Scalenus: Neck pain
The scalene is a group of three muscles that line the side of the neck. The primary functions of the anterior and middle scalene muscles are to flex and bend the neck and elevate the first rib. The posterior scalene muscle lifts the second rib, flexes, and bends the neck.
If you’ve ever woken up with that lovely stiff neck pain, you’ve probably irritated the scalene muscles. When this happens, you need to locate your scalene trigger points. To do so, place the tips of your right hand’s fingers alone the left side of your neck. Put slight pressure on each point and repeat 10 times on both sides.
Supraspinatus: Shoulder pain
The supraspinatus is the smallest of four muscles which make up the rotator cuff. The muscle works to prevent damage of the shoulder originating from gravitational forces. The supraspinatus works – individually and with the deltoid muscle – to rotate the shoulder joint and arm.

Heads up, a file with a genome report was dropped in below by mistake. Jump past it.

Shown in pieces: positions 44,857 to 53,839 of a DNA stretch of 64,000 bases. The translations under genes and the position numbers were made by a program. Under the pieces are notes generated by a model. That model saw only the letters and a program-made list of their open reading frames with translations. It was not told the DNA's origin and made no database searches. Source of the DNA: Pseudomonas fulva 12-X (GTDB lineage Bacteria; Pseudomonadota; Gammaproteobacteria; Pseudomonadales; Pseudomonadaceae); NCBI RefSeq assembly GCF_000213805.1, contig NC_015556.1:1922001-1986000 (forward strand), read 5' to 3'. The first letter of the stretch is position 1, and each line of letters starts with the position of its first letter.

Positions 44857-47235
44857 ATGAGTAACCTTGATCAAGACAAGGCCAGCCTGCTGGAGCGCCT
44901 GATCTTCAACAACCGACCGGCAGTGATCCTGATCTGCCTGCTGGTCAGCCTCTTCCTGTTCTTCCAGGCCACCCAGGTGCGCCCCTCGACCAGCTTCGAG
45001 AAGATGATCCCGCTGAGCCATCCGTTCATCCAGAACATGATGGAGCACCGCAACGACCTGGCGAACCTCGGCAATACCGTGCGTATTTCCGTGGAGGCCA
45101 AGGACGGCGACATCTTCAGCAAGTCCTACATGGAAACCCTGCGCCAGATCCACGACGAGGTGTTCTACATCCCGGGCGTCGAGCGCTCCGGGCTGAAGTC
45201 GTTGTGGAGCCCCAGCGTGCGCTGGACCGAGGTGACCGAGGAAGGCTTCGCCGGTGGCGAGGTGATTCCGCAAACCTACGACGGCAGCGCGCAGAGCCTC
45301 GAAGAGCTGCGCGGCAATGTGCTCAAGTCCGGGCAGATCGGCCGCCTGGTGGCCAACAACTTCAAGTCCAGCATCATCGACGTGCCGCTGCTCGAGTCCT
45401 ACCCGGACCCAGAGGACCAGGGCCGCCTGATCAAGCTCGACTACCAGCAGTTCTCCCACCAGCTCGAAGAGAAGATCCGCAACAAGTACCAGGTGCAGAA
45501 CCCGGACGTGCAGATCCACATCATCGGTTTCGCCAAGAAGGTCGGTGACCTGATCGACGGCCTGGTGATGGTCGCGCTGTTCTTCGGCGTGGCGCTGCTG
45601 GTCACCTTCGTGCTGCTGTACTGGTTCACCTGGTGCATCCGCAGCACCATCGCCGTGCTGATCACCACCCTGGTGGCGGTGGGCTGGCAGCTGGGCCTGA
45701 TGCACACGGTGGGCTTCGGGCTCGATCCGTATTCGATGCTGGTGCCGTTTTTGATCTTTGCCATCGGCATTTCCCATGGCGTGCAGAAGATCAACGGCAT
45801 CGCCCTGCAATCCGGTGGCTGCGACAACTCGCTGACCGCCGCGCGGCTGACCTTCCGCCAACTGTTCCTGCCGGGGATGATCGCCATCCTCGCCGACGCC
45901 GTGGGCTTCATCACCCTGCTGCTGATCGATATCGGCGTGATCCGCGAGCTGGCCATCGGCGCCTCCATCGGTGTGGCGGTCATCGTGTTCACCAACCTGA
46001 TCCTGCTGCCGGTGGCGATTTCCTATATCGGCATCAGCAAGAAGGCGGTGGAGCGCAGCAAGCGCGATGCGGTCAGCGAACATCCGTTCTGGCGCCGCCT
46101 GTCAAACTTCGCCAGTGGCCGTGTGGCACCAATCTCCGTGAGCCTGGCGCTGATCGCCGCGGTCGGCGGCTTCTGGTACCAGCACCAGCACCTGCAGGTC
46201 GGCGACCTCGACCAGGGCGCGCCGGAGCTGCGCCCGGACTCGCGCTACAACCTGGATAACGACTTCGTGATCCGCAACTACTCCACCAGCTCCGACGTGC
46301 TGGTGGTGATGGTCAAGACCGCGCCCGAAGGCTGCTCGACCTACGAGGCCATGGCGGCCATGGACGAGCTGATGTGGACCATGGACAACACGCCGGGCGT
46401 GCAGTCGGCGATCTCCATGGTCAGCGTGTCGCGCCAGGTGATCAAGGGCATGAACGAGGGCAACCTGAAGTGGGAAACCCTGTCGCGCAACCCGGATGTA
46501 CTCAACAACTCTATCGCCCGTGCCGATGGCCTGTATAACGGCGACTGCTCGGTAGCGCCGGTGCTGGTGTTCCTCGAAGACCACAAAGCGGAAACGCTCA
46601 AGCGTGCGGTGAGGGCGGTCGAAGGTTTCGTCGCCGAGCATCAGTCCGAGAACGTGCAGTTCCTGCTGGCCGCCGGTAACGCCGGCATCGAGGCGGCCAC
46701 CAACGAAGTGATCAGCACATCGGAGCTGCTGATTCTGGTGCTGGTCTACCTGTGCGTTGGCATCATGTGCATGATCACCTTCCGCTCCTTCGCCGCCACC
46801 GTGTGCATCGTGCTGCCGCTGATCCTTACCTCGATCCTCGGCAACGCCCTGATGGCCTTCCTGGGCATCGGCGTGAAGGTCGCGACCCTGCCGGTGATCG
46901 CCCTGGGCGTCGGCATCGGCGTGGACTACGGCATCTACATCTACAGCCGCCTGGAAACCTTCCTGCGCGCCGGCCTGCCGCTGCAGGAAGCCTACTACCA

To avoid damage of the muscle, avoid repetitive overhead movement of the arm, particularly if doing so causes pain, however minimal. Practicing good posture and engaging in shoulder-blade exercises may also help.
Piriformis: Butt pain
The piriformis is a flat muscle located in the deep gluteal muscles. It has a pyramid-like shape that stretched from near the hip joint to the pelvis. The muscle rotates the hip when standing and abducts the hip at rest.
Stretching and strengthening the piriformis muscle is a priority for athletes and the physically active. You can stretch the piriformis by lying flat on your back and crossing the left foot across the right knee at the ankle. Interlocking your fingers underneath and just below the right knee, lift the right foot off the ground until it is parallel with your abdomen, then switch legs.
Hallucis longus: Foot pain